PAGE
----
1. “I’ve always liked the idea of making hard objects soft. You know how you really love something? I used to have these strange obsessions when I was a kid. I was obsessed with food, I had some kind of thing with food where I wanted to pair it with all the cuddly animals that I had, and I obviously could never find cuddly cans or cuddly pizza. I had these ideas for toys and I was so disappointed that no one was making them. I guess it came from that. My mum taught me how to sew and suddenly this whole world opened up. ” —Lucy Sparrow, creator of Cornershop, a store made entirely of felt.

    I’ve always liked the idea of making hard objects soft. You know how you really love something? I used to have these strange obsessions when I was a kid. I was obsessed with food, I had some kind of thing with food where I wanted to pair it with all the cuddly animals that I had, and I obviously could never find cuddly cans or cuddly pizza. I had these ideas for toys and I was so disappointed that no one was making them. I guess it came from that. My mum taught me how to sew and suddenly this whole world opened up. ” —Lucy Sparrow, creator of Cornershop, a store made entirely of felt.

  2. "Walking into the city, you found narrow alleys between the buildings with dripping pipes overhead, discharge flowing in gutters, people stripped to the waist in their underwear working in tiny factories, the sound of metal pounding metal, butchered animals, unlicensed dentists, a two-man rubber plunger factory, carts stacked with steaming food, everything mixed together. It felt unreal (especially in the early days), and yet totally normal to everyone living and working there." —Photographer Greg Girard, on life inside the City of Darkness.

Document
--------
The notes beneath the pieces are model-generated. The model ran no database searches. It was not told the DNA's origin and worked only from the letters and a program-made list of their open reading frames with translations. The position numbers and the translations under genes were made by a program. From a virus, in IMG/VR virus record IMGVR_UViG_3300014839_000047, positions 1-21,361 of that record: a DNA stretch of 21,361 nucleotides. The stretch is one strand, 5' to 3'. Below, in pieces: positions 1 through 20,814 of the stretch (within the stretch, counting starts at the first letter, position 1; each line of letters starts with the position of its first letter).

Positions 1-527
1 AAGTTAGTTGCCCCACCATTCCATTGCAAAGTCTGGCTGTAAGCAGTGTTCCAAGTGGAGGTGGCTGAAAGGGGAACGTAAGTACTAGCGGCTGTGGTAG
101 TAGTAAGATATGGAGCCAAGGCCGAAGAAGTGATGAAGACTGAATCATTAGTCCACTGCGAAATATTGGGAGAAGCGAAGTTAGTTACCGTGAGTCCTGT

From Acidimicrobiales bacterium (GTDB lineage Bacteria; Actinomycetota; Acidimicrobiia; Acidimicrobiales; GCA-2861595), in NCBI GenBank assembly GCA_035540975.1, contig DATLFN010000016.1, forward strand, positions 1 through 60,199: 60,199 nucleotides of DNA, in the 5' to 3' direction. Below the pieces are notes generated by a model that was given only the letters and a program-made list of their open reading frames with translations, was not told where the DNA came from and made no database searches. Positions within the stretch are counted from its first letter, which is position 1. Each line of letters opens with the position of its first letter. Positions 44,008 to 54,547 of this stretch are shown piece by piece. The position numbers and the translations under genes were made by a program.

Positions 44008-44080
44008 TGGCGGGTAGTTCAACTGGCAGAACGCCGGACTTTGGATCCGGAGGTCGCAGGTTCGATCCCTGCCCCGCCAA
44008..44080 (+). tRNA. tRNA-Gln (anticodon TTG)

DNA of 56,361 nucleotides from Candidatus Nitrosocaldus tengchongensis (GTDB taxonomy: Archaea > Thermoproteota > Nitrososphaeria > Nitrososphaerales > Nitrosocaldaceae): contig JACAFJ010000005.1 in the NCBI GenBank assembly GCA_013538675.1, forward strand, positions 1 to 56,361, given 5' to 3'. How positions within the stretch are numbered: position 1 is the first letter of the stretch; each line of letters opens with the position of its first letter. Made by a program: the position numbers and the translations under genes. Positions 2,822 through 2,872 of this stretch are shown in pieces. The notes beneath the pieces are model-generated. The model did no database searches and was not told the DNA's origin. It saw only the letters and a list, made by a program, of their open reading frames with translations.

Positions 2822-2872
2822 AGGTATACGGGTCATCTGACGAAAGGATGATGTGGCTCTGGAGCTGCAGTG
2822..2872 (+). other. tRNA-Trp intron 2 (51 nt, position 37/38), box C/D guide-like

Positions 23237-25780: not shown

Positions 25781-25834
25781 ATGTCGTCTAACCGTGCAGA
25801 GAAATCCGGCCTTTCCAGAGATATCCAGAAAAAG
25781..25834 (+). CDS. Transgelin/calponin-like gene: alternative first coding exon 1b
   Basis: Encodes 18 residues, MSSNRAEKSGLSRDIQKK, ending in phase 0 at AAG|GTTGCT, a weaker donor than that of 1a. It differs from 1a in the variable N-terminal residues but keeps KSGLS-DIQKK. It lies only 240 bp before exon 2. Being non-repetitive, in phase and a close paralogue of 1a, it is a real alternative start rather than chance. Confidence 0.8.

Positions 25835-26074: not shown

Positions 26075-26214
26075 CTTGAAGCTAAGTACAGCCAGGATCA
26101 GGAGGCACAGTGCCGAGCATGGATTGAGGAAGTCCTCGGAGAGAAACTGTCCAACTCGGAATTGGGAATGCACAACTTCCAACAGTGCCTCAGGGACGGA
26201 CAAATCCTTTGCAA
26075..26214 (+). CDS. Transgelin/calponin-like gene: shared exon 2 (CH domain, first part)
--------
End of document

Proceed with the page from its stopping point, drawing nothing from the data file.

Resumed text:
"Walking into the city, you found narrow alleys between the buildings with dripping pipes overhead, discharge flowing in gutters, people stripped to the waist in their underwear working in tiny factories, the sound of metal pounding metal, butchered animals, unlicensed dentists, a two-man rubber plunger factory, carts stacked with steaming food, everything mixed together. It felt unreal (especially in the early days), and yet totally normal to everyone living and working there." —Photographer Greg Girard, on life inside the City of Darkness

  3. Not only did we not expect it to end up in a museum design store, we didn’t plan on a business, or even a proper product. We launched NeoLucida because we were inspired by David Hockney’s book, Secret Knowledge. He used an antique camera lucida to see how great masters of art might have seen the world. So to give our students this experience, we decided to make an inexpensive camera lucida so more people could experiment. But when we received nearly 3000% over our goal, and 11,406 people backed the project, we found ourselves designing for the marketplace instead of making a simple, small scale experiment. So being part of the Kickstarter @MoMA collection is a thrill, but far from where we thought we would be last year.

    —Pablo Garcia on making the NeoLucida, and how it ended up in the MoMA Design Store.